Meanwhile, the legislation — which passed late Monday night — did not include a proposal to provide one-time $500 checks to those in the Minnesota Family Investment Program, which provides assistance to low-income families with children.
Gov. Tim Walz and legislative leaders have pledged to come up with a bill to help bars, restaurants and other businesses closed in the latest pandemic shutdowns.
The data needed to draw political districts is supposed to be delivered by the Census Bureau by April 1.
The plan was to use $100 million of Minnesota’s federal CARES Act money to pay for the COVID-19 Housing Assistance Program.
Welcome to the world of economic forecasting in the midst of a global pandemic.
State officials released the latest forecast for revenue and spending on Tuesday, and it offered better news for a governor and state Legislature seeking ways to help those hurt by the latest pandemic-related closures.
On Monday, the Minnesota Pollution Control Agency cleared the way for work to start on the pipeline project. Yet hurdles remain, including ongoing lawsuits and the threat of protests along the route.
In its appeal, the ACLU restates its claim that voting is a fundamental right — and that the state has not provided a rational reason for denying that right to those who’ve been released from incarceration.
Whether the proposals will lead to actual legislation is unclear, but both sides were hopeful that a special session to hammer out a deal could be held as early as next week.
The 2020 election’s anomalies are the first place the parties will look when planning for the next election.
There have been 784 deaths from COVID-19 in Minnesota so far in November, making it the deadliest month of the pandemic.
Minnesota has now reported more than 60 deaths for three straight days, and there have been 693 deaths through the first 20 days of November.
Though Minnesota’s restrictions on public life have been labeled tyrannical by some, they look fairly weak compared to measures taken in other cities and states with far milder outbreaks.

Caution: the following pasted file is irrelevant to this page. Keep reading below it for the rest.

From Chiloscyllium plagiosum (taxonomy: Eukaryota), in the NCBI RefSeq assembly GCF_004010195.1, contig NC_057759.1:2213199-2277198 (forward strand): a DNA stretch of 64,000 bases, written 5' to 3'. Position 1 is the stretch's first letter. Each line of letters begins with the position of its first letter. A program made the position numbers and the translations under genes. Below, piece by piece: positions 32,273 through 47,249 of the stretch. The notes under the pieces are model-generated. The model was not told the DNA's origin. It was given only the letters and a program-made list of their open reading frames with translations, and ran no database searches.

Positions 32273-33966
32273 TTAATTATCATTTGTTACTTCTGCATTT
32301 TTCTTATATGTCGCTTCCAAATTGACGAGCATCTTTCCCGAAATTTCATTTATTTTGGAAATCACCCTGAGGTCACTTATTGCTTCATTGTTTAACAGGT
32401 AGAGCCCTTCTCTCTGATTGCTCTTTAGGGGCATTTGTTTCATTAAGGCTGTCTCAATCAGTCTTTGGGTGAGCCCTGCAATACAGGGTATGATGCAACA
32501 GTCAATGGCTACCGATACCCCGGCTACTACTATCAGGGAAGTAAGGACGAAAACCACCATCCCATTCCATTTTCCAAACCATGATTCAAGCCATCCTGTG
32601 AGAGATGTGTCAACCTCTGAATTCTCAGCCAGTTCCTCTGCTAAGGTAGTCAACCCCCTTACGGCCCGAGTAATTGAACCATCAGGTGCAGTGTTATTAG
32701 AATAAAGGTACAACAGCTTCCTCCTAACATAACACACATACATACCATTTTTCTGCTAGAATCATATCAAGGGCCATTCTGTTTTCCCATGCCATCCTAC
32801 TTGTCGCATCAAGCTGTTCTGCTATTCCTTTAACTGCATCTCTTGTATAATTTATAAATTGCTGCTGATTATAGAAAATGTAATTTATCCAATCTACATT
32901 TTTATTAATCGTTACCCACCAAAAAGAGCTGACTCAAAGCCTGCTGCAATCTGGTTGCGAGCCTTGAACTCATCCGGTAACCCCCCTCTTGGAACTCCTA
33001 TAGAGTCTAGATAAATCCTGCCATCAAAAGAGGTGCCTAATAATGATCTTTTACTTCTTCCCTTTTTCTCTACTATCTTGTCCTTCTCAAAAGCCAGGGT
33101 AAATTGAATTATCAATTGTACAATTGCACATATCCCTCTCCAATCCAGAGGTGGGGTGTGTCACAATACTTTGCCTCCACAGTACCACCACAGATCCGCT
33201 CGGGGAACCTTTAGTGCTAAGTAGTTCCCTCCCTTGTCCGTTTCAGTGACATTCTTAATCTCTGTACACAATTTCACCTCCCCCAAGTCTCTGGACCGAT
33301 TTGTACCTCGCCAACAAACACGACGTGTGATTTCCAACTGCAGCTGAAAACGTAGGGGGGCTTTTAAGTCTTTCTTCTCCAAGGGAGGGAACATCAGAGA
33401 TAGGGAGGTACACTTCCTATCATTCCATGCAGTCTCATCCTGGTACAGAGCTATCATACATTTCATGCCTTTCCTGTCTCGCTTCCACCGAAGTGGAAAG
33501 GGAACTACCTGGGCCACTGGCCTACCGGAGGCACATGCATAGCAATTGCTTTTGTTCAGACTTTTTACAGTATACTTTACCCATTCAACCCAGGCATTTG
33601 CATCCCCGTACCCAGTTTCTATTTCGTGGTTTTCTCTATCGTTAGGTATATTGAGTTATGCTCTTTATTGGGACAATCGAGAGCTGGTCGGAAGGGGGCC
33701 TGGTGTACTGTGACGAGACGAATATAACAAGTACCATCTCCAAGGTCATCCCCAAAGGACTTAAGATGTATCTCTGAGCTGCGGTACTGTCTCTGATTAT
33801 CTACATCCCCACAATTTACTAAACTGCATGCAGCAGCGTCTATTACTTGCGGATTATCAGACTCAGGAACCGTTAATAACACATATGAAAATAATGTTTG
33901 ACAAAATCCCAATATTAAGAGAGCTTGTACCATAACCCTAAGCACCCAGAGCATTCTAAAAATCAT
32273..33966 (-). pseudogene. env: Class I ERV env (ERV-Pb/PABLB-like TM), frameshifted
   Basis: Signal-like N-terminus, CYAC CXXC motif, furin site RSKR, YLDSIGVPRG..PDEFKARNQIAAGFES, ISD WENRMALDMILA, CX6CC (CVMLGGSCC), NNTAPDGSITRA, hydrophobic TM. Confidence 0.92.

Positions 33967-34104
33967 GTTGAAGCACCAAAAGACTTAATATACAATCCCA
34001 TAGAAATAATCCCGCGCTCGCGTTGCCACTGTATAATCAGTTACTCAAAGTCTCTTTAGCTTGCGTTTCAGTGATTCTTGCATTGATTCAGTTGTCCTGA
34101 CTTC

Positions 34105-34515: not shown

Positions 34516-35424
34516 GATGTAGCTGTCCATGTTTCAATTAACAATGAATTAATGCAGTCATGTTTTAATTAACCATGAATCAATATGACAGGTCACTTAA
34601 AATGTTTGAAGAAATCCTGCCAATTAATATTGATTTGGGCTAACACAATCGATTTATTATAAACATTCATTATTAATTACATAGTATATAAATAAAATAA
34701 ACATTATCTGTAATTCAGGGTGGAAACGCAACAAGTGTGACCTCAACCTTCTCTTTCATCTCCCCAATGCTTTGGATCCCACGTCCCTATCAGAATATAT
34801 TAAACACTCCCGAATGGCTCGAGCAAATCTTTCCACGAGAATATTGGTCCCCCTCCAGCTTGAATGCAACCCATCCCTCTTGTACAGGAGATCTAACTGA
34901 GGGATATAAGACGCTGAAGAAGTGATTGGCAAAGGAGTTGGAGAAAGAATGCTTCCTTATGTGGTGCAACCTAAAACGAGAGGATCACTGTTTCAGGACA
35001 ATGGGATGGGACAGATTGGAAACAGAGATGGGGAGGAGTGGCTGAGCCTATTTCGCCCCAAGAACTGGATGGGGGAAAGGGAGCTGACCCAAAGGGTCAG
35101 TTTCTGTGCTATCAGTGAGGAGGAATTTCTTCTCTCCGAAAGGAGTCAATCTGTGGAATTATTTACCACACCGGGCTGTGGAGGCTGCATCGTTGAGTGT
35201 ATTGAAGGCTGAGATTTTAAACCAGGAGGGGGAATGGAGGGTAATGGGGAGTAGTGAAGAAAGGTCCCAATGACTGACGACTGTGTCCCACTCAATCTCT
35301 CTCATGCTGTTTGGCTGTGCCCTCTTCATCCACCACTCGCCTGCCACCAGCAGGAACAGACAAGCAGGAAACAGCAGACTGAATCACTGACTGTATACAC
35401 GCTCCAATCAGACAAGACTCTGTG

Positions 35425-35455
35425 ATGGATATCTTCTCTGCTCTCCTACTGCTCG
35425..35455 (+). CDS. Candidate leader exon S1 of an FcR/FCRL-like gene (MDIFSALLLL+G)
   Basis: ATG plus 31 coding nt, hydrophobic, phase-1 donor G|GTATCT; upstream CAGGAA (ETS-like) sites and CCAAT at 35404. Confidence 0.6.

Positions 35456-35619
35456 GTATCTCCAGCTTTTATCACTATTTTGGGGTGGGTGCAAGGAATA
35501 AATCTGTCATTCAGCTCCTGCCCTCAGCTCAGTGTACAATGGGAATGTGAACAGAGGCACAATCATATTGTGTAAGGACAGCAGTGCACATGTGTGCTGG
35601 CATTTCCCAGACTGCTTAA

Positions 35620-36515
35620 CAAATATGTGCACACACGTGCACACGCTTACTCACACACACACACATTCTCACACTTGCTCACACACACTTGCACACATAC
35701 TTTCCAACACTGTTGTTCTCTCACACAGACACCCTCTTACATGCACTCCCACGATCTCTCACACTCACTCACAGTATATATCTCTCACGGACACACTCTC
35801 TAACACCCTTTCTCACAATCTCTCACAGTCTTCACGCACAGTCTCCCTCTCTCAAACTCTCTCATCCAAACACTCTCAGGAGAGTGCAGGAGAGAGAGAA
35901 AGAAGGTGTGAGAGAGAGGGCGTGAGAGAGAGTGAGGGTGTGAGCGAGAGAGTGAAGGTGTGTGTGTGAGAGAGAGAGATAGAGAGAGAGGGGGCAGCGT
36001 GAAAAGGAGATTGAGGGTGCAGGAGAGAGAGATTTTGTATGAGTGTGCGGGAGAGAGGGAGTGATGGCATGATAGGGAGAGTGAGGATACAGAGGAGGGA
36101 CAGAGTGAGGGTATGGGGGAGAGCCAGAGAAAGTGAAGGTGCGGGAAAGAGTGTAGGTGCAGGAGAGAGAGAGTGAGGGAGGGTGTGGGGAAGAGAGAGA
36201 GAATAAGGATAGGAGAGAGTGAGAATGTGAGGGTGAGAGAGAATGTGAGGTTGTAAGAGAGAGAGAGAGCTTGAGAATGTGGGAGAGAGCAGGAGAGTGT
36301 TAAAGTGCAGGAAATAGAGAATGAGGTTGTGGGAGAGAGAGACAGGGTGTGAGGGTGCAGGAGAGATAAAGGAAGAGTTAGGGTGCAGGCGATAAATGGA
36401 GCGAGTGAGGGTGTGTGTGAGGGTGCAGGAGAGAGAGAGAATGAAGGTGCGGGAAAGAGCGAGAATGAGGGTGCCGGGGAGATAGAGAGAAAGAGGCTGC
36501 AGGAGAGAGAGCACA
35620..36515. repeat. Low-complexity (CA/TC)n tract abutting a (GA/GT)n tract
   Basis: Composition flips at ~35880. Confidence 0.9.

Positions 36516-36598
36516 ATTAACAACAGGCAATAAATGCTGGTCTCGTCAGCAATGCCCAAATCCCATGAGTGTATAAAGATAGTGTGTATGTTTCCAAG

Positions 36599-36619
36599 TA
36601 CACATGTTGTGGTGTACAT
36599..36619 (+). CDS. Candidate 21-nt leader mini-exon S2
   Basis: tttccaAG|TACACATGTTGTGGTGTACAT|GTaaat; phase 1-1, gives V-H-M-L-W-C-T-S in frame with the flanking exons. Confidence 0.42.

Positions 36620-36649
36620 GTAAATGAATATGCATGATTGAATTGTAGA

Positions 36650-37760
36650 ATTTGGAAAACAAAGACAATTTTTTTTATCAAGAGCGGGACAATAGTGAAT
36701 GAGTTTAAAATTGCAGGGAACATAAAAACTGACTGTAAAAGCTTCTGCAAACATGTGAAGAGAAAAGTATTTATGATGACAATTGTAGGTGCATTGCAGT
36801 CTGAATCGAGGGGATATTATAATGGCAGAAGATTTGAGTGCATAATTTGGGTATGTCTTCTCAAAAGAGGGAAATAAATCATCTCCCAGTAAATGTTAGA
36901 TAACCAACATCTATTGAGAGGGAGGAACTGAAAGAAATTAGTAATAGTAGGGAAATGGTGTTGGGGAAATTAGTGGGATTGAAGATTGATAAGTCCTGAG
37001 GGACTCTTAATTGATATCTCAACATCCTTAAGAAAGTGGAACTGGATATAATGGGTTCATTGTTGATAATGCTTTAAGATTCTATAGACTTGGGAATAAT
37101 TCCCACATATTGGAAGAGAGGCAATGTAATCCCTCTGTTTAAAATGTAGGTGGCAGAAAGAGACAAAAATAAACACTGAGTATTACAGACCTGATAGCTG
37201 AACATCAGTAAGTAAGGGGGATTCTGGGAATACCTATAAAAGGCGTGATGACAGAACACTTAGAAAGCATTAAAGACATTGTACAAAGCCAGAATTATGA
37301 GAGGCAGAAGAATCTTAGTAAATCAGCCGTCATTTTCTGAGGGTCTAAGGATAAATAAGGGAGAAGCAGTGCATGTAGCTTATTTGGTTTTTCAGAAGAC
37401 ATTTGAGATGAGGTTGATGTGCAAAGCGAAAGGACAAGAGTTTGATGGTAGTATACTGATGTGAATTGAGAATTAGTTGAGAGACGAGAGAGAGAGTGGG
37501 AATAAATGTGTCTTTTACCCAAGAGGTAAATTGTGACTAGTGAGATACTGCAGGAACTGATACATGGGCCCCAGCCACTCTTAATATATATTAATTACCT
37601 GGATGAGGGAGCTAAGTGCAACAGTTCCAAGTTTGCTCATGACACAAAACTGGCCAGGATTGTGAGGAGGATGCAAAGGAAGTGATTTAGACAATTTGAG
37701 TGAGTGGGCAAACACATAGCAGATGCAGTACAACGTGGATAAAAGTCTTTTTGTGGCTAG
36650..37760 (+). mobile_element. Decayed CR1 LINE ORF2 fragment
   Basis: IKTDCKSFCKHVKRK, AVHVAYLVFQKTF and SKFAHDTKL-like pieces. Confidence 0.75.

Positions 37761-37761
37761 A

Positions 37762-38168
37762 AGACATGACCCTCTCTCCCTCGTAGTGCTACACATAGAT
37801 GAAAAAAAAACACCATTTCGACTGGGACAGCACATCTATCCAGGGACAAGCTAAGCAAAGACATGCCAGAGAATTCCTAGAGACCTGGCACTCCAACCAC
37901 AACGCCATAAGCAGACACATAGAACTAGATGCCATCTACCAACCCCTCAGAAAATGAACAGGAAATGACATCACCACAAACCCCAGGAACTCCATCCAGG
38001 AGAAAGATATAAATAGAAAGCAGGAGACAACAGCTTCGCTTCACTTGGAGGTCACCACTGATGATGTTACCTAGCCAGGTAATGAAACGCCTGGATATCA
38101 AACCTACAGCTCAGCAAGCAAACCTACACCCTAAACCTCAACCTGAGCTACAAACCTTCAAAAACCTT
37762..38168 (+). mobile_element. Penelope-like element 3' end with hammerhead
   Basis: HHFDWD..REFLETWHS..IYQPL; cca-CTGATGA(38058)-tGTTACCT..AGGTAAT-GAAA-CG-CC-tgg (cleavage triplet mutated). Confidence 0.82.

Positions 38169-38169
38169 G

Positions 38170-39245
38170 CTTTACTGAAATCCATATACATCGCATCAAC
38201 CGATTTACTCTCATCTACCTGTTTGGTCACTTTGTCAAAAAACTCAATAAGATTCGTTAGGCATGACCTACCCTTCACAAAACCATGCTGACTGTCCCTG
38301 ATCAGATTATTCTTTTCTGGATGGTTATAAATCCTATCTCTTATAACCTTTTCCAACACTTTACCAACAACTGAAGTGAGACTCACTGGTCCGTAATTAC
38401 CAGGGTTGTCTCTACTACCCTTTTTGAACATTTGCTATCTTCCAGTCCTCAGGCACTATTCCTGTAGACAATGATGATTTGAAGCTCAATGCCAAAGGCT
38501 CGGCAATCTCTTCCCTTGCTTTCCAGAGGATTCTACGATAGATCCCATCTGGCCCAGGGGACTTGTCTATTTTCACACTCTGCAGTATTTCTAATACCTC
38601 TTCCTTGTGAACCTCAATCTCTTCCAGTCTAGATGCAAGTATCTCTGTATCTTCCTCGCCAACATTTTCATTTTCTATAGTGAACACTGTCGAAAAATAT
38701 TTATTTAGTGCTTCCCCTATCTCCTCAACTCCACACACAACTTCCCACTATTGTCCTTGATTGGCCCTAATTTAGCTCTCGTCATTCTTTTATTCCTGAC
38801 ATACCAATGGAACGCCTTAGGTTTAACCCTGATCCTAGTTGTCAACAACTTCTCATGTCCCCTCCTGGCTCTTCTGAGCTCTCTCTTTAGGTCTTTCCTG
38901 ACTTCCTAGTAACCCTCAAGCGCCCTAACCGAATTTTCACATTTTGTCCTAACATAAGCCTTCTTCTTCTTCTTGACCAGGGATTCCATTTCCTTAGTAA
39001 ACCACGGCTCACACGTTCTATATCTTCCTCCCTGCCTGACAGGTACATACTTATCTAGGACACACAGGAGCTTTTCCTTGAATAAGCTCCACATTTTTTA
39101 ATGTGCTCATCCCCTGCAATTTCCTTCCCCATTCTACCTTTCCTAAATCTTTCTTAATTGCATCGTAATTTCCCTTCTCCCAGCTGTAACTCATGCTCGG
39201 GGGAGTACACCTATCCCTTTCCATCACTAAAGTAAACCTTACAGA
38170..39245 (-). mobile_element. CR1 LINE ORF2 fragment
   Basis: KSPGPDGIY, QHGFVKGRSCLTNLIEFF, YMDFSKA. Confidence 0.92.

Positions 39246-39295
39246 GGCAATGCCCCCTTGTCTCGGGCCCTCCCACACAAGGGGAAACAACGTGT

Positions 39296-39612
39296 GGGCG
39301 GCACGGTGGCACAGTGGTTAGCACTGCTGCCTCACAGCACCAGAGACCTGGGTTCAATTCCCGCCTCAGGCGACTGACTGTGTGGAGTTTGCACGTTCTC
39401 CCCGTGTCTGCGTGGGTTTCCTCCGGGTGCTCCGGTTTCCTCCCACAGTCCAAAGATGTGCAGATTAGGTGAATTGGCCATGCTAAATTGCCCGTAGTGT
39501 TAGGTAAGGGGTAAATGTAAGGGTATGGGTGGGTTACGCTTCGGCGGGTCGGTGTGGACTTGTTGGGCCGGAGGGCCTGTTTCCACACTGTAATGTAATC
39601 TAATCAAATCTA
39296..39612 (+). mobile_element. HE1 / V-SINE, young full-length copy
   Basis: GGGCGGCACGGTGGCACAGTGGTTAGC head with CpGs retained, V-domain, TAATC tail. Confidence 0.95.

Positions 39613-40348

Of the $200 million appropriated to a special COVID-19 fund by the Legislature, only $18.565 million remains. And of the $1.87 billion sent directly to the state under the congressional CARES Act, just $208,527 is left to be appropriated.
Walz announced the rules — which will close bars, restaurants and gyms and severely curtail social gatherings for four weeks — in response to a surge in COVID-19 cases around the state.
Minnesota has a relatively non-gerrymandered legislative map. And with Minnesotans once again voting for divided government as the state heads into redistricting next year, things are likely to stay that way.
DFL House candidate John Persell maintains his loss was the result of factors unique to 2020. Republicans see the results as something else: confirmation of a changing political tide.
Meanwhile, even as COVID-19 cases surge across Minnesota, the state Senate was talking about … who would be the president of the state Senate.
The biggest question for Gov. Tim Walz and legislative budget writers is whether Congress will more help to the states, and if so, how much.
The shakeup raises questions about the future of agriculture policy in a Democratic party increasingly made up of lawmakers from the Twin Cities metro.